Mysore Masala Dosai

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I am sure there is hardly anyone who would not have tasted the classic exquisite Mysore Masala Dosai. It is one of the most popular dishes for any meal of the day and is enjoyed by people across the country. I was initially skeptical about choosing this one for the alphabet M as against other options like Meeta Chilla or Magge Polo or Mosaru Avalakkai Dose. But I figured it would be sacrilege if I did not include this classic dish in a dosai marathon and so here it is.

The main difference between the regular masala dosa and Mysore masala dosa is the bright red colour chutney in the latter. The chutney gives the Mysore dosa its unique taste. I love this one and have it whenever I eat out in a South Indian restaurant though I skip the masala and have just the dosa with the spicy red chutney.

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Recipe from here

Makes 4-5 dosas

WHAT WE NEED

2 cups Dosai batter

1 1/2 – 2 cups Potato masala for dosais

For the chutney

2 tsp Oil

1 Small onion, chopped

3-4 Garlic cloves

3-4 Dried red chillies

2 tbsp Channa dal / Bengal gram

1 tbsp Grated coconut (optional)

Salt

Water

 

WHAT TO DO

For the red chutney

  • Heat the oil and add the dried red chillies and Bengal gram
  • Chop the garlic and add them
  • Add the onion and saute for 3-4 minutes till the onions are transluscent
  • Take it off the heat and transfer it to a mixer jar
  • Add coconut (if using) and salt
  • Add enough water to make it a fine paste
  • The chutney should be of a spreadable consistency and so add water accordingly

For the assembly

  • Make as many dosais as you need with the batter
  • Spread the red chutney on the inside of the dosai evenly
  • Add a large dollop of the potato masala
  • Fold the dosai and serve it warm with some sambhar and coconut chutney
  • Enjoy!

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Mint & Coriander Dip

Continuing with my hung curd spree, today I am posting a quick mint and coriander dip with hung curd. We celebrated my daughter’s birthday over the weekend which is the reason I was left with some mint & coriander chutney as also a whole load of chips that feature in the photos.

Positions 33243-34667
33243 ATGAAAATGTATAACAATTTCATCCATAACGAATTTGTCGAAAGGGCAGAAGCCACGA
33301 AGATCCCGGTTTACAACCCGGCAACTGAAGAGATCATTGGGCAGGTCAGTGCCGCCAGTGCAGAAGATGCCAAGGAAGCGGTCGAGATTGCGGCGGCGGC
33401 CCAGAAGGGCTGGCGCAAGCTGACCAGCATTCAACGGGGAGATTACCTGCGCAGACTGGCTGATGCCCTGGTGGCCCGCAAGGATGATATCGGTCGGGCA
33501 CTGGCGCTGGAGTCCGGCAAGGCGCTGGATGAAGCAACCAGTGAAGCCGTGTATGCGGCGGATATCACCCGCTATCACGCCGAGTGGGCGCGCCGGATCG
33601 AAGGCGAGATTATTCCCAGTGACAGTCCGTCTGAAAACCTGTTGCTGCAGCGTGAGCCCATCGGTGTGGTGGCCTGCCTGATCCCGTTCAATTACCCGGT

So I just mixed the hung curd and chutney to get a creamy dip. It is a nice way to revamp leftover chutney and get a smooth dip. I need some carrots now with this dip to balance out all the cake I have been eating.

WHAT WE NEED

3 tbsp Mint & coriander chutney

2 tbsp Hung curd

Salt

WHAT TO DO

  • Mix the chutney with the hung curd with a whisk or in a blender
  • Check for the saltiness and add salt accordingly
  • Serve with carrots or chips (chips actually ūüėČ
  • Enjoy!

NOTES

  1. To make mint & coriander chutney, take a small bunch of fresh coriander, 4 sprigs of mint, a couple of garlic cloves and 3-4 green chillies. Mix them all with salt in a blender. Add water to form a smooth mixture. You can replace the water with some extra virgin olive oil. If you are using water, drain it out before adding to hung curd.

This is my post for the Blogging Marathon for the theme, ‘Condiments’.

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Karnataka Breakfast Thali

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After a sumptuous Karnataka lunch yesterday, today is the turn of its amazing breakfast. I am a breakfast person, i.e. I can eat breakfast for lunch and dinner too. This breakfast is one of the most amazing things you can ever taste. Each dish is a full fledged breakfast dish in itself and put it together and you have a king’s feast.

Unfortunately I don’t get the authentic breakfast in the area I stay because (in the husband’s words) ‘We stay in the Delhi part of Bangalore’. It is easier to find golgappas here as compared to an Iyengar Bakery. To find the awesome dishes Bangalore dishes, I have to travel to the other end of the city which is near impossible thanks to the traffic. Tragic, right?

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So, though I haven’t eaten this breakfast combo anywhere in the city, this blog post serves as a plea to the restaurants in Bangalore to make a combo like this and have it as an all day meal for poor craving souls like me.

This Thali contains –

Thatte Idli – It is the softest, spongiest and melt in your mouth level delicious idli. Made with rice and urad dal, it is a feast in itself

Benne Dose – The butter dosa Bangalore is most famous for. Eat it and do not go near a weighing machine for a week, mostly for your own peace of mind

Khara Bath – I know I will be trolled for this but it is the tastier version of upma. I cannot stand upma but I can have khara bath every day of the week